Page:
“Full street replacement with concrete is the recommended option,” Gander said last week, referring to city staff members’ suggestion. “And if that turns out to be untenable to the residents, financially, only then would we consider a less durable, less expensive outcome.”

An evaluation, a subsidy, and a bus

In related news, council members on Tuesday also:

  • Approved a summary of their evaluation of Murphy that reads “Mr. Murphy consistently meets and/or exceeds expectations” in operation, planning, budgets, meeting, financial reports, elections, supervision, employment, personnel, government liaison, and council goals, and “has successfully carried out his duties as the city administrator/clerk-treasurer.” Council members met behind closed doors for about 40 minutes on Oct. 5 to evaluate Murphy.

    Only Murphy himself returned a Herald request for comment about the evaluation that evening: he said council members want him to work on a marketing campaign for the city in 2022. His goals for 2021 were to work on a plan to renovate the city’s parks and rec facilities and to push for a new south-end bridge between East Grand Forks and Grand Forks.

  • Approved a business subsidy agreement that would pay Northern Valley Machine up to $120,000 worth of Border Cities Tax Credits over the next three years. That subsidy isn’t the same as cutting a check, though, according to Paul Gorte, the city’s economic development director. Instead, it means the company won’t pay about $40,000 worth of property taxes to East Grand Forks and Polk County each of those years, and the state government will reimburse the city and county for those losses. Gorte characterized the subsidy as a pre-emptive move that aims to keep the company in town.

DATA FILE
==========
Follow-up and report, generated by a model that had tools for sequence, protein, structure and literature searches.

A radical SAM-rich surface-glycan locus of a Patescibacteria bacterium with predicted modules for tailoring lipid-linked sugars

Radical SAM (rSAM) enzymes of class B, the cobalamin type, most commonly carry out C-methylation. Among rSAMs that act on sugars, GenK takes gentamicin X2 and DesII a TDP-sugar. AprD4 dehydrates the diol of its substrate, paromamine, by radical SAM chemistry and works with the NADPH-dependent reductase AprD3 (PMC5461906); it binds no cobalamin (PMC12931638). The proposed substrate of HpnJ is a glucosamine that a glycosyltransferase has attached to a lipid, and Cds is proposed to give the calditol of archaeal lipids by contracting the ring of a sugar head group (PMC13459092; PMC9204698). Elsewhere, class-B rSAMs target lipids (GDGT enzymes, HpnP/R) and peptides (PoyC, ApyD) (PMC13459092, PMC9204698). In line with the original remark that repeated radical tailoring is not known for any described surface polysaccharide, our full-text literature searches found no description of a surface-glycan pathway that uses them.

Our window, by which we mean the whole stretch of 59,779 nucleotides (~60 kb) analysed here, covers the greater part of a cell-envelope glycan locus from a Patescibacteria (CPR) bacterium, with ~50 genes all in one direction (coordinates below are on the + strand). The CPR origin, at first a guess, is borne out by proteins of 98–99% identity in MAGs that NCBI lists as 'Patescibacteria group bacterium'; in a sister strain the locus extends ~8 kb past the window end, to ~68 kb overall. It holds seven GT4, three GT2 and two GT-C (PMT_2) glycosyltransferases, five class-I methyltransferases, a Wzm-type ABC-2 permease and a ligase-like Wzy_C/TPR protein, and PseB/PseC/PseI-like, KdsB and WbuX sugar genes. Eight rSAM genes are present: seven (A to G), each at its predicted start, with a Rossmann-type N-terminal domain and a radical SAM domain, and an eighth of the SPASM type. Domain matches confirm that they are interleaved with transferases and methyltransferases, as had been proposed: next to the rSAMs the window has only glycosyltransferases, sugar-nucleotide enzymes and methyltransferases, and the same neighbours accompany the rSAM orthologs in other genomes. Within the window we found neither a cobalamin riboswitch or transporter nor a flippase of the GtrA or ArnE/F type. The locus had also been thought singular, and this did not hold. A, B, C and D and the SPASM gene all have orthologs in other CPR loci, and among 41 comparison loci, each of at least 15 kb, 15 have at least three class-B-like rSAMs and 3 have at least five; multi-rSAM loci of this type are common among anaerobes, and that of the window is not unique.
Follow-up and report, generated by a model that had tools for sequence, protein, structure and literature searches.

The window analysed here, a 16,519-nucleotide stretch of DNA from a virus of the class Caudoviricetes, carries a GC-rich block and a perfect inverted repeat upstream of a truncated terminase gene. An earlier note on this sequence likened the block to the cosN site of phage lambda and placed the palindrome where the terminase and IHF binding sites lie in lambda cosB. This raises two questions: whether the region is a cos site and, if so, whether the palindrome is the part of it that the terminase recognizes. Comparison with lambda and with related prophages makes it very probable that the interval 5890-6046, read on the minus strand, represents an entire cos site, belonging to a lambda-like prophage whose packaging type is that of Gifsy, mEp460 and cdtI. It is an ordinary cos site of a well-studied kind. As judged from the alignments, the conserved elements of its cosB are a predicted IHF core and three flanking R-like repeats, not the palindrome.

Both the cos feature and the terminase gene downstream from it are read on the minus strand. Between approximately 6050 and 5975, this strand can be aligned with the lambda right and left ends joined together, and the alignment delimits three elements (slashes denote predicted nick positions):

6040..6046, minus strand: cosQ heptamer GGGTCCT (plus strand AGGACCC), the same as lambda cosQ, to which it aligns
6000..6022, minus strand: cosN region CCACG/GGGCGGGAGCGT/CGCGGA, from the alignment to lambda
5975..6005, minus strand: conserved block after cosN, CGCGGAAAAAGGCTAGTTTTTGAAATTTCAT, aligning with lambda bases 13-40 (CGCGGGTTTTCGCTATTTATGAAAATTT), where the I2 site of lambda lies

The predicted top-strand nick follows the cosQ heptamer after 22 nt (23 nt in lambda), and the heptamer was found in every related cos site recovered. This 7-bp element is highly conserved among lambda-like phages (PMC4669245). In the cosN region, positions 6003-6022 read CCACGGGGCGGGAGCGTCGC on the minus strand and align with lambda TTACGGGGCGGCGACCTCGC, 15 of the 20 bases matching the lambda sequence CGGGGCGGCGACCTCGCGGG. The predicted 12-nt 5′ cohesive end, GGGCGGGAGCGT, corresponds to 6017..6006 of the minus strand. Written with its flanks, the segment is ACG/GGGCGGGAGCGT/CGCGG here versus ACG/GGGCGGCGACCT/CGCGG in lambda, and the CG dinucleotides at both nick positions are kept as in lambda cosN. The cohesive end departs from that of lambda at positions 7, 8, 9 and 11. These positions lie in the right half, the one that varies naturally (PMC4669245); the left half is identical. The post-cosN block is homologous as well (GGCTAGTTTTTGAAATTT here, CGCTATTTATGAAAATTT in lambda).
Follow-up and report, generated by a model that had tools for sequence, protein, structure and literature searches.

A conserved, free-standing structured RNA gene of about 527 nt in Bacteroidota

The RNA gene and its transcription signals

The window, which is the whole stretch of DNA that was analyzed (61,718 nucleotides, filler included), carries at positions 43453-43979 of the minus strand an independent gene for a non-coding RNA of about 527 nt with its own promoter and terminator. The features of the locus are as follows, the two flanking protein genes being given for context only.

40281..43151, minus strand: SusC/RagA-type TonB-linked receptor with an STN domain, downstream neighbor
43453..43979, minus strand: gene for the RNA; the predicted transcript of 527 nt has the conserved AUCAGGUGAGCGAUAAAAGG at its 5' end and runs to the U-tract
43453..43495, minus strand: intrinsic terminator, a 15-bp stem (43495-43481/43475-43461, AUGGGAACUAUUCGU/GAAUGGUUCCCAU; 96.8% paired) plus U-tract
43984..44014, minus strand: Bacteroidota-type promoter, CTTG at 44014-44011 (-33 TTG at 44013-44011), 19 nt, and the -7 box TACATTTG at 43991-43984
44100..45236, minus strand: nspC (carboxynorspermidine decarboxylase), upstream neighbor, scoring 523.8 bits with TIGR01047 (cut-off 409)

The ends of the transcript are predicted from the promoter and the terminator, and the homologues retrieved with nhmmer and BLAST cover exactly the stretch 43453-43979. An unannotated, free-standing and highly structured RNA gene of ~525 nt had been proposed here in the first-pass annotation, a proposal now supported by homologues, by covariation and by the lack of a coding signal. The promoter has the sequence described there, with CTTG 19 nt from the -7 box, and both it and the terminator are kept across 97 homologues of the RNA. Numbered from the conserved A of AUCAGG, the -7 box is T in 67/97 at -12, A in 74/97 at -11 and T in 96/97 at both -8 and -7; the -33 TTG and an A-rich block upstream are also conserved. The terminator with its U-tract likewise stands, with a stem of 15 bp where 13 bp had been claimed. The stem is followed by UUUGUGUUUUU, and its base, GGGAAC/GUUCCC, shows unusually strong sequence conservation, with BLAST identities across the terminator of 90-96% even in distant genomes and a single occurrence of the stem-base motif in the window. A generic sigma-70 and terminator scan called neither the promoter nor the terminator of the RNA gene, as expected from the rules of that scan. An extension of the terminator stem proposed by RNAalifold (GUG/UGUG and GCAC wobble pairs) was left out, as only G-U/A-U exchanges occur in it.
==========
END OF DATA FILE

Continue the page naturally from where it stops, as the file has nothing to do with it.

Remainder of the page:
“Northern Valley Machine is one of the primary businesses in East Grand Forks,” he wrote to council members in an Oct. 19 memo. “The business is a target for other cities and states to recruit because it is an excellent business to have in a community. It is important for the city to allocate resources to retain the business and the jobs it provides. One of the ways to do that is to reduce the property tax burden. ... The use of the tax credits would retain the business and its 68+ high-paying jobs as well as provide for steady job growth over the next three years. The use of the tax credits will also provide resources for Northern Valley Machine to invest in the equipment it needs for its business.”

    Also seeking a similar subsidy is RJ Zavoral & Sons, the Eastside construction company at which City Council member Marc DeMers works. Gorte said the specifics of that subsidy are still up in the air, but that it’s set to be considered by the city’s Economic Development Authority later this month before possibly heading to the council proper.

  • Approved the purchase of a new “low floor” bus for Cities Area Transit’s fixed busing routes. The bus is set to cost an estimated $169,000, $152,100 of which is set to come from the Minnesota Department of Transportation.